RL Biosurfactants present as a reasonably good option for controlling root zone pathogens in hydroponic systems. They have been demonstrated to be effective in controlling Rhizoctonia sp., Pythium sp., Phytophtora sp., and Fusarium sp. Other than RL, some biosurfactants such as lipodepsipeptides (LDPs), produced by Pseudomonas syringae, have been shown to act synergistically with ‘cell wall degrading enzymes’ (CWDEs) to increase pathogen control activity. These findings clearly indicate that the synergistic interaction LDPs—CWDEs is involved in the antagonistic mechanism of Pseudomonas syringae and they support the concept that a more effective disease control is given by the combined action of the two agents.[10] These findings also suggest that RL and CWDEs may also work synergistically to better control plant pathogens.

RL are shown to have biocidal activity towards pathogenic microorganisms while at the same time promoting beneficial bacteria numbers. Additionally, Vatsa et al. (2010) state that RL not only work as biocides but are also capable of stimulating the innate immunity in plant cells.[11] This immune response has been shown to participate to resistance against the hemibiotrophic bacterium Pseudomonas syringae pv, the biotrophic oomycete Hyaloperonospora arabidopsidis and the necrotrophic fungus Botrytis cinerea.[12]

 

Therefore RL act on three levels to protect plants from disease; firstly, they kill/antagonize plant pathogens through rupturing (lysing) their cell membranes; secondly, they promote beneficial bacteria numbers – these beneficial bacteria then act to further suppress disease; thirdly, they stimulate the immune system which makes plants less susceptible to disease.

Several studies have described antifungal activity of RL mainly against phytopathogens including Botrytis sp., Rhizoctonia sp., Pythium sp., Phytophtora sp. and Plasmopara sp.

Yoo et al. (2005)[13] investigated rhamnolipid biosurfactants as alternative antifungal agents against typical plant pathogenic oomycetes, including Phytophthora sp. and Pythium sp. They showed that RL significantly decrease the incidence of water-borne damping-off disease. Sharma et al. (2007)[14] obtained similar results in field trials on chili pepper and tomato. Using bacterial mutants, Perneel et al. (2008) [15]clearly showed that phenazine and RL interact in the biological control of soil-borne diseases caused by Pythium spp. Recent studies also demonstrated that a combination mixture of SRE (Syringomycin E, a class of lipodepsinonapeptide molecule) and RL is efficient against pathogenic and opportunistic fungi recovered from diseased grape.[16]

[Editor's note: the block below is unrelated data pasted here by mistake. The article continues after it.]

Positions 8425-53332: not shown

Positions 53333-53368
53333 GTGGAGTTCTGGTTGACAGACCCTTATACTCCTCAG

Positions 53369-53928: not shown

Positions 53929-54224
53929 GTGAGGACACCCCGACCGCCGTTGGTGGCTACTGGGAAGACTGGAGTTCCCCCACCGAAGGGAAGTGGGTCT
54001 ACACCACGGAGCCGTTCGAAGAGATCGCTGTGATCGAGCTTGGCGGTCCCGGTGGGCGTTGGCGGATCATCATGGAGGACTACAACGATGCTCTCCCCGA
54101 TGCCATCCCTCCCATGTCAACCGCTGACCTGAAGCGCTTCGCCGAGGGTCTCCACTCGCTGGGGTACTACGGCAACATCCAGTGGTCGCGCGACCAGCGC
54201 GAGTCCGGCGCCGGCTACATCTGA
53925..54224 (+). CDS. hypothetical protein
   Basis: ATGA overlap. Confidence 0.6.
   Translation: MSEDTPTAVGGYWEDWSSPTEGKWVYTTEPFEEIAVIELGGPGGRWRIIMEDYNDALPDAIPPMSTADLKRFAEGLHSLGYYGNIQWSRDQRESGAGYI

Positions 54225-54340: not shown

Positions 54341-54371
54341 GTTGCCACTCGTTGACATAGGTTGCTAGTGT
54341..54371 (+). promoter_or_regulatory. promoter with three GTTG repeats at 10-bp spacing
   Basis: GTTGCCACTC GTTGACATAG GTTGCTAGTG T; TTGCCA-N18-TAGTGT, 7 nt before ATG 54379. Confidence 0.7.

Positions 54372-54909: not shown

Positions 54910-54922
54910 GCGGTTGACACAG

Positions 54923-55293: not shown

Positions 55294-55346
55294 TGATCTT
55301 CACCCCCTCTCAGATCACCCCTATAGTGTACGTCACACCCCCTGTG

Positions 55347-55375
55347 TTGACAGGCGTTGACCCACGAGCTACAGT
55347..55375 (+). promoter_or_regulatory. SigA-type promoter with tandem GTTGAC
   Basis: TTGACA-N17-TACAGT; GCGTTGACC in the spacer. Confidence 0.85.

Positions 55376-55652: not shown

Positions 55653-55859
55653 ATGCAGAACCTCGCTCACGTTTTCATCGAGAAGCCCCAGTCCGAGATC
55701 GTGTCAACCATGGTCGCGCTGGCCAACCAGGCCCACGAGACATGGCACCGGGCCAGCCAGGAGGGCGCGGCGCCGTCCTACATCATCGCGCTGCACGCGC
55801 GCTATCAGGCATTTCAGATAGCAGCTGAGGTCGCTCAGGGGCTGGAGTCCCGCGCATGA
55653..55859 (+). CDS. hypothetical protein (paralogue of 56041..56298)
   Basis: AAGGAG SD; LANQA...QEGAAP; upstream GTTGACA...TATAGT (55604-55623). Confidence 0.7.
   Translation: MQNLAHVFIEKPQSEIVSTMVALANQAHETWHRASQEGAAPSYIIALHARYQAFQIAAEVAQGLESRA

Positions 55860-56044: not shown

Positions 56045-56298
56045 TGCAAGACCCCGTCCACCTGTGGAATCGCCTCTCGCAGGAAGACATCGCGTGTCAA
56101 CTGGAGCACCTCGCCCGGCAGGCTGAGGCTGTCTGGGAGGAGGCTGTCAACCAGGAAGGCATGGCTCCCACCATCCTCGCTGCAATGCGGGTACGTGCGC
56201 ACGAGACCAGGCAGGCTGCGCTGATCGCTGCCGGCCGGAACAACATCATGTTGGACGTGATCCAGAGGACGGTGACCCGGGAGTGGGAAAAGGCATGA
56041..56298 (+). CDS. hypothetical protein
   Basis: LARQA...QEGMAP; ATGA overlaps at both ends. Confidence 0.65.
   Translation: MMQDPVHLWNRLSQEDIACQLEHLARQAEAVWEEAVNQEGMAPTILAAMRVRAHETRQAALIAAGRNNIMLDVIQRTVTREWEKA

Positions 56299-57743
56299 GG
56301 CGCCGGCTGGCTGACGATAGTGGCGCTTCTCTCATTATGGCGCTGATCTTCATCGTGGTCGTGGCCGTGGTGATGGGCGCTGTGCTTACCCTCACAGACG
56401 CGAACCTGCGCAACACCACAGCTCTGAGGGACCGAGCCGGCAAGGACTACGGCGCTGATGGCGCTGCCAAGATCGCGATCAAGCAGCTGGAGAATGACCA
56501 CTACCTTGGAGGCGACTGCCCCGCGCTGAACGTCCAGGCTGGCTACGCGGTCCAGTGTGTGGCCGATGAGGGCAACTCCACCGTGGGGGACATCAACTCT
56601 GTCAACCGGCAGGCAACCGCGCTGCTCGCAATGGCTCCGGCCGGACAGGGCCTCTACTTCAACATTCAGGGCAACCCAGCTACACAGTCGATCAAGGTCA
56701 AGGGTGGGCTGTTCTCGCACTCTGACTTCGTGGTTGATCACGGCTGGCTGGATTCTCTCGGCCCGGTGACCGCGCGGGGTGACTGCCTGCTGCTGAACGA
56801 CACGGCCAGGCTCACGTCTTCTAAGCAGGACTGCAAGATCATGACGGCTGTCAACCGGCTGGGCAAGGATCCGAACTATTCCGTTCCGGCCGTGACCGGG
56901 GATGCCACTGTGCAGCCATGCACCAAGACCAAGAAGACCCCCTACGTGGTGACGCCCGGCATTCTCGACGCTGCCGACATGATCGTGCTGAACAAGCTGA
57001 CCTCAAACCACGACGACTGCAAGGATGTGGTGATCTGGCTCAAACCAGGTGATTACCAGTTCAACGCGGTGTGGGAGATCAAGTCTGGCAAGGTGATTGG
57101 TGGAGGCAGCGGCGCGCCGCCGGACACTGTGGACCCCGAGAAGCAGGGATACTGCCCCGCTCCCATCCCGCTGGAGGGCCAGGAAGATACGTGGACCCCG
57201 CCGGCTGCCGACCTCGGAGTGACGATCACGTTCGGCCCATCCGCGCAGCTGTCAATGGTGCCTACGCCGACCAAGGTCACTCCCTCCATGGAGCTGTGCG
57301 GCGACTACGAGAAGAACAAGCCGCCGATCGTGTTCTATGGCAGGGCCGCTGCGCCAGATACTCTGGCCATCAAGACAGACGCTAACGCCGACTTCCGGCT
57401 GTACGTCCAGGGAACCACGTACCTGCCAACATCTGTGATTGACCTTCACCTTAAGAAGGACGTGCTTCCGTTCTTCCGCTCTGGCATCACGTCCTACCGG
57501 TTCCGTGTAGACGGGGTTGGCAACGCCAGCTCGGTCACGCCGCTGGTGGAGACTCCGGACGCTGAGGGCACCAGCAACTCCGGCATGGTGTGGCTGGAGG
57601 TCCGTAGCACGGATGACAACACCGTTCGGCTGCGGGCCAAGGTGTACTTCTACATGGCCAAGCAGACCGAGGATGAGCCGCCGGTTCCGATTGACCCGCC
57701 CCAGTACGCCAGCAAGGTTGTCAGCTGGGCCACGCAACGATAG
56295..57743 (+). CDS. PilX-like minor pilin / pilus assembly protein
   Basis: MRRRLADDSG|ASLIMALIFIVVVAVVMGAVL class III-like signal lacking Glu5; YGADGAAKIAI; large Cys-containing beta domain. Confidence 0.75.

Biosurfactant producing rhizospheric isolates of Pseudomonas and Bacillus have exhibited biocontrol of soft rot causing Pectobacterium and Dickeya spp.[17] RL have demonstrated inhibition of zoospore forming plant pathogens that have acquired resistance to commercial chemical pesticides.[18]

 

One study demonstrated the efficacy of RL and saponin biosurfactants in the control of root rot in trials with hydroponically grown pepper. Amending the recirculating nutrient solution with either a rhamnolipid or a saponin biosurfactant selectively killed zoospores, resulting in 100% control of the spread of the pathogen. Disease control was achieved in both ebb and flow and top-irrigated growing systems with either an organic potting mix or rockwool as the planting medium. In the absence of either biosurfactant all plants within the growing system died within 6–7 weeks following pathogen inoculation of a single plant in the system which served as the source of infection. Injecting the RL biosurfactant into the irrigation line during every irrigation resulted in 100% control of the disease.[19]

 

Another study showed that continuous application of 150 mg·L-1 of RL controlled 100% of disease caused by Phytophthora capsici in pepper plants (Capsicum annuum). Nutrient solutions of pepper plants treated with RL and nitrapyrin biosurfactant resulted in two orders of magnitude higher concentration of aerobic bacteria[20] and Pseudomonas putida than the untreated solution.[21]

 

A 2014 study showed that the treatment of pea seeds and seedlings under natural conditions of light, temperature and humidity with the RL at a concentration of 25 µg ml−1 prior to sowing or planting in pathogen laden soil resulted in complete suppression of characteristic wilt symptoms. The results demonstrated the possibility to develop a sustainable and eco-friendly control measure against F. oxysporum.[22]

 

Surfactant issues/Considerations

 

Different surfactant products require different dosage rates depending on the concentration of active ingredients. Many biosurfactant products designed for hydroponic use give dose rates on the product label and these should be carefully followed. As with most products and compounds used in hydroponic solutions excessive use/application does not give better results and in many cases may prove phytotoxic to plants. For example, reduction in plant biomass of pepper plants was observed when 150 mg·L-1 rhamnolipid biosurfactant was applied in overhead and ebb and flow irrigation in organic or rockwool media.[23] For this reason when working with surfactants follow manufacturer recommendations (usage rates) carefully.  Another issue to consider with dosage rates is that surfactants are gradually broken down by microbial action over time so determining how often to re-dose may be difficult and require some trial and error.